Crocodiles are large, aquatic reptiles known for their powerful jaws and semi-aquatic lifestyle.

They belong to the order Crocodylia and are found in tropical regions of Africa, Asia, the Americas, and Australia.

There are 14 species of crocodiles, including the Nile crocodile, American crocodile, and saltwater crocodile.

Crocodiles have a streamlined body, armored skin, and long tails, adapted for life in aquatic environments.

The saltwater crocodile is the largest living reptile, with individuals reaching lengths of over 20 feet.

They are cold-blooded, relying on external sources of heat to regulate their body temperature.

Crocodiles are excellent swimmers, using their powerful tails for propulsion and their limbs for steering.

The American crocodile is found in freshwater habitats and coastal areas of the Americas.

Crocodiles have sharp teeth and a bite force that allows them to capture and subdue large prey.

The Gharial, native to India, has a distinctive long, narrow snout adapted for catching fish.

They are opportunistic feeders, consuming fish, birds, mammals, and occasionally larger prey like ungulates.

Crocodiles play a crucial role in maintaining the health of aquatic ecosystems by controlling prey populations.

The Morelet's crocodile is found in Central America and is known for its broad snout.

They have a specialized salt gland that allows them to excrete excess salt, enabling survival in brackish water.

Crocodiles use a 'death roll' to subdue and dismember prey, twisting their bodies to tear apart the catch.

The Siamese crocodile is critically endangered, with populations declining due to habitat loss and hunting.

Crocodiles exhibit parental care, with females guarding nests and carrying hatchlings to water after hatching.

The Spectacled Caiman, a smaller relative of crocodiles, is found in Central and South America.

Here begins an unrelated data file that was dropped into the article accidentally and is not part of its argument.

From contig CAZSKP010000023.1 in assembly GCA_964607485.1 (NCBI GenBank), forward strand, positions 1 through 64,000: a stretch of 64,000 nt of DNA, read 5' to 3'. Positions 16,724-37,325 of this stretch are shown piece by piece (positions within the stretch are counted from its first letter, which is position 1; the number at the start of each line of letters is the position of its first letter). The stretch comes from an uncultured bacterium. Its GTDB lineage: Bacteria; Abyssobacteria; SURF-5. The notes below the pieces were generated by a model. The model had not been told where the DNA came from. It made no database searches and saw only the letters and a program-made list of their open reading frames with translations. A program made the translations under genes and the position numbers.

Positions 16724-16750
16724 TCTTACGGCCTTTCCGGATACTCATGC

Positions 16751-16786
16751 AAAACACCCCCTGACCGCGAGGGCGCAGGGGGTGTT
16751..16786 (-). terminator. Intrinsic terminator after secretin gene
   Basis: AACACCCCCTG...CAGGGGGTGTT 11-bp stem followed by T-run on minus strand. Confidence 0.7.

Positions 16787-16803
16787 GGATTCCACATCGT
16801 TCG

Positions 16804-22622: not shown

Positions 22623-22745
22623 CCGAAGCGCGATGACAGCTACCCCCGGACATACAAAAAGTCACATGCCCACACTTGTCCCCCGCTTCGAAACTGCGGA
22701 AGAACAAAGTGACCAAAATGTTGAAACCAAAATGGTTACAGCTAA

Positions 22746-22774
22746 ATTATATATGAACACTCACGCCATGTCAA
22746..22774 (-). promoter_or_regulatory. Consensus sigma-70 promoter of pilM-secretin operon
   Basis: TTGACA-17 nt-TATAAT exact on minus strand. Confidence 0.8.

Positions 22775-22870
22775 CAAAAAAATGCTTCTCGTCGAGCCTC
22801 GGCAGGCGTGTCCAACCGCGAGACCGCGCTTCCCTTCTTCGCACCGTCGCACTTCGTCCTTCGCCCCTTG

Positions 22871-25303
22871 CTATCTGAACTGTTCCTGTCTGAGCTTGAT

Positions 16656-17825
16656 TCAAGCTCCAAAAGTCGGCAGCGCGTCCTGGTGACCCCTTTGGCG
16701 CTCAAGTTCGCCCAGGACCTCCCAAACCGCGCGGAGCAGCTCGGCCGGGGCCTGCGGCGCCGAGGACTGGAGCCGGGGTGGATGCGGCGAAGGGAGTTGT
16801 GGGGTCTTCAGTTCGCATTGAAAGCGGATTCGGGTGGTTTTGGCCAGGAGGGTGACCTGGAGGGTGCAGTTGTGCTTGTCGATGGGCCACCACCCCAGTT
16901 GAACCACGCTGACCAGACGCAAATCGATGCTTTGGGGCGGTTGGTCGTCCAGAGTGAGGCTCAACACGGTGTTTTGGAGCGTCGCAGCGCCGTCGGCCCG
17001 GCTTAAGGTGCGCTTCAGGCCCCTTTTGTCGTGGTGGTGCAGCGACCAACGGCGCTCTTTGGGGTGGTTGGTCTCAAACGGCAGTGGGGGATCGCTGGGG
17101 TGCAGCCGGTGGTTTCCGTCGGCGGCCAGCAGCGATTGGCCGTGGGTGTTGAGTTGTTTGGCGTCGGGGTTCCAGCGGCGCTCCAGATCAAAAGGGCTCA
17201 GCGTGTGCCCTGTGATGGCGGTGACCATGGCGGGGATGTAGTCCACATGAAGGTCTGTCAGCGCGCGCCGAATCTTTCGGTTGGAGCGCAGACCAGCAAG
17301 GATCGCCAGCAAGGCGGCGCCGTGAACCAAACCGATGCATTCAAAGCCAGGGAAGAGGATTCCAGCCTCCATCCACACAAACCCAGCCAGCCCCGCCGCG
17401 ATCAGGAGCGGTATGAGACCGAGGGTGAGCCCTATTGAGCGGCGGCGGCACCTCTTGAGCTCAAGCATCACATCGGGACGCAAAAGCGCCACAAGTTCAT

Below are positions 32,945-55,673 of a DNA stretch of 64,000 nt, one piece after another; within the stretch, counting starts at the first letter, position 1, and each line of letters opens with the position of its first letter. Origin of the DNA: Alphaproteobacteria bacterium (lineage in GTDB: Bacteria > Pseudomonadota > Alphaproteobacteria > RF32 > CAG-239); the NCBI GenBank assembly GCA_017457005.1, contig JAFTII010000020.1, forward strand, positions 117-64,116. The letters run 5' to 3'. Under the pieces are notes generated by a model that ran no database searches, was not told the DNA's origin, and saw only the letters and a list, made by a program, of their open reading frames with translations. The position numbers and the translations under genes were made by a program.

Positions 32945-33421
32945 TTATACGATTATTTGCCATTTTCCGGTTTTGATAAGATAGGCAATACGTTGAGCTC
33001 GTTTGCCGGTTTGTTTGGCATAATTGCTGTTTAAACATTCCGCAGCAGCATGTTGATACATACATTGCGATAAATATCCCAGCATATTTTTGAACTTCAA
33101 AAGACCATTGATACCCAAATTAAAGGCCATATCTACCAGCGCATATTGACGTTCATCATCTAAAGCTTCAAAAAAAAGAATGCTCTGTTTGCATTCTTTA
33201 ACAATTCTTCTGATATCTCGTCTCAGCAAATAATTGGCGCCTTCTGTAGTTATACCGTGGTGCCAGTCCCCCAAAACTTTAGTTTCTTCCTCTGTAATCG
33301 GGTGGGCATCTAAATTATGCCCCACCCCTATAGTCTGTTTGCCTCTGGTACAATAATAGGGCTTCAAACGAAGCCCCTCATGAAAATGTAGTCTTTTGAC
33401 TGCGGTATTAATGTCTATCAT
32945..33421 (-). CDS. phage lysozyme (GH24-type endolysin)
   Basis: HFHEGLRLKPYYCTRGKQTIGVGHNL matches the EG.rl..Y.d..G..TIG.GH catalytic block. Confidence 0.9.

Crocodile eggs are typically buried in nests made of vegetation, and temperature influences the sex of the hatchlings.

They are known for their longevity, with some species of crocodiles living for over 70 years.

The Nile crocodile is responsible for more human deaths in Africa than any other large animal.

Crocodiles have a nictitating membrane that protects their eyes while submerged in water.

The Cuban crocodile is known for its vibrant green coloration and is found in Cuba's swamps and marshes.

Crocodiles are ectothermic, relying on external sources of heat to raise their body temperature.

The Dwarf Crocodile is the smallest species, found in the rainforests of West Africa.

Crocodile populations face threats from habitat destruction, pollution, and illegal hunting for their skins.

They have survived since the time of dinosaurs, demonstrating remarkable evolutionary resilience.

The Australian saltwater crocodile is known for its ability to travel long distances at sea.

Crocodiles communicate through vocalizations, body language, and infrasound.

They have a serrated jaw structure, and their teeth are continuously replaced throughout their lives.

The American alligator, while similar in appearance, belongs to a different biological family than crocodiles.

Crocodiles are often featured in mythology and folklore, symbolizing strength, danger, and mystery.